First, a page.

If you care for someone with a disability or a medical condition, there may be extra costs involved in helping them manage this. These are called disability-related expenses. There are many examples of these and they could vary from special dietary requirements to certain types of medication not available through the NHS.
Having a financial assessment
When a local authority or trust (in Northern Ireland) carries out an assessment of someone’s care needs, they will also need to carry out a financial assessment to see if they can potentially contribute towards their care costs. The amount varies but usually, there is a flat rate that will be allocated by the council or trust to help cover extra disability-related expenses (for example £15-20 per week).
Why is it useful to know about disability-related expenses?
It’s important if someone is contributing a lot of money towards their care services provided by the council or trust. Many people don’t realise that they may be able to get a larger allowance for expenses that are linked to a disability or health condition.
It may be the case that the local authority’s or trust’s flat rate is not high enough to cover the disability-related expenses. These costs are not covered by the NHS or social services; they are paid for privately out of someone’s own finances.
Therefore, if you can demonstrate a higher level of disability-related expenses, it may bring down the amount that the council or trust charge for their care.
To qualify for DRE, the adult must be in receipt of the care component of Disability Living Allowance, Personal Independence Payment (care) or Attendance Allowance.
Why might I be entitled to this support?
The Care Act statutory guidance in England states that the local authority must leave you with enough money ‘to pay for necessary disability-related expenditure (DRE) to meet needs which are not being met by the local authority’.
For example, if you are receiving a certain benefit (like Personal Independence Payment, Disability Living Allowance or Employment and Support Allowance), when carrying out a financial review, the local authority or trust should check whether adequate money is left over after your general needs are met to cover any other additional disability-related expenses (DRE) you have.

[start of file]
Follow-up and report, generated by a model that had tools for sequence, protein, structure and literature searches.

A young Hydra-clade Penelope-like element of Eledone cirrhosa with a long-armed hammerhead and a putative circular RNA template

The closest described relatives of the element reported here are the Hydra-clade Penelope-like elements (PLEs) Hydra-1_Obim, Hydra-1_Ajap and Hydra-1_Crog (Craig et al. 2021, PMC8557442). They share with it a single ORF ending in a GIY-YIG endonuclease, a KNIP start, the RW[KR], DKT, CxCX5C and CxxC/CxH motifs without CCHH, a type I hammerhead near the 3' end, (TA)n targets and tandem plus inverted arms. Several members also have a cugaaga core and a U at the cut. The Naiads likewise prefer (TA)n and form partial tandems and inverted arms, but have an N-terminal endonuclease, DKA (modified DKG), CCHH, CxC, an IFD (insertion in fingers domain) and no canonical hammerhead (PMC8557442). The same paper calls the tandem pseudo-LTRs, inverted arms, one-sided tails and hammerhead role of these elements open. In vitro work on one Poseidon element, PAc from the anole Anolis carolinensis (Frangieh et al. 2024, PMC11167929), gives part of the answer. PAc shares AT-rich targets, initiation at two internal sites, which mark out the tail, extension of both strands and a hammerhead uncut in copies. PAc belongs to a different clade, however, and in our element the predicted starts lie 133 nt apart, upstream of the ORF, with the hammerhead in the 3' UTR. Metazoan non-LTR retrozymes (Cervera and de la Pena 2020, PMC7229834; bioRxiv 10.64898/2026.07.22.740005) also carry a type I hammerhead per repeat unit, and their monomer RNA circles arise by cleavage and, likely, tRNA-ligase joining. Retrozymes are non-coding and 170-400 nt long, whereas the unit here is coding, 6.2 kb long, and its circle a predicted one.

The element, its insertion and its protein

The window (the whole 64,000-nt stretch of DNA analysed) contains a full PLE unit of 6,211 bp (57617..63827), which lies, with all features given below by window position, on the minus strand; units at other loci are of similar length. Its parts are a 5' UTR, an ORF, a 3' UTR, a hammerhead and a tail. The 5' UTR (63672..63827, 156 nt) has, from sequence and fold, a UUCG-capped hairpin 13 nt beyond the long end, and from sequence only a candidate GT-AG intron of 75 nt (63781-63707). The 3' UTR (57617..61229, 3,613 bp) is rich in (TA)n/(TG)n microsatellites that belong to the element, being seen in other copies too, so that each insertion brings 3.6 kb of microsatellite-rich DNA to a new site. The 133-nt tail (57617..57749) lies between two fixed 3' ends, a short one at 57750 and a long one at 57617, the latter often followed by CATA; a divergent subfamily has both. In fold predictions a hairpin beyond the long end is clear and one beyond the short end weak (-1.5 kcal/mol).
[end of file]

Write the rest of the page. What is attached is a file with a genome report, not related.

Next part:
What examples of Disability-Related Expenses could be claimed?
- Certain medication and health-related purchases (including creams, pressure relief pads, etc)
- Incontinence pads/goods
- Personal Protective Equipment costs
- Chargeable aids and adaptations (which are not covered under a disabled facilities grant)
- Equipment for monitoring and communication (incl smartphone/tablets)
- Accessible vehicle costs
- Healthcare (massage/physio/osteopath/acupuncture/chiropractor treatments, etc)
- Gardening, cleaning, online shopping delivery fees – if you cannot go to the shops because of a disability
- Taxis if public transport is inaccessible
- Internet connectivity – if needed for wellbeing, monitoring or for disability aids to connect
- Subscriptions such as personal alarm, app subscriptions
- Laundry collection and delivery/service washes
- Ready meals vs ingredients to cook with
- Washed and chopped vegetables etc
- Specially adapted clothing/ shoes
- Laundry (extra washes due to incontinence or specialist washing powder)
- Water if metered (for toilet use/personal care). This is if someone’s condition requires an above average water level in the home, ie, more washing due to incontinence, sweating etc
- Heating – if someone’s condition requires an above average temperature maintained in the home for example
What can help with my claim?
Providing evidence is crucial. Your council or trust will request documents or receipts to prove your case for these extra costs being incurred. They may argue that a particular medical product or service is provided by the NHS for example. So you will need to put the case forward that the product you need is not available or a therapy session is only available for a limited amount of time, ideally with the backing of a doctor’s note for reference.
It is vital that your doctor or another health professional supports you with this because the local authority will most likely base their decision on this evidence. Doctors can charge for these letters but some may not – you can discuss this with your doctor if you have limited money and cannot pay.
When they request evidence, it’s important to note that there are many different forms of proof you could show including the following:
-care assessments and support plans
-Occupational Therapist plans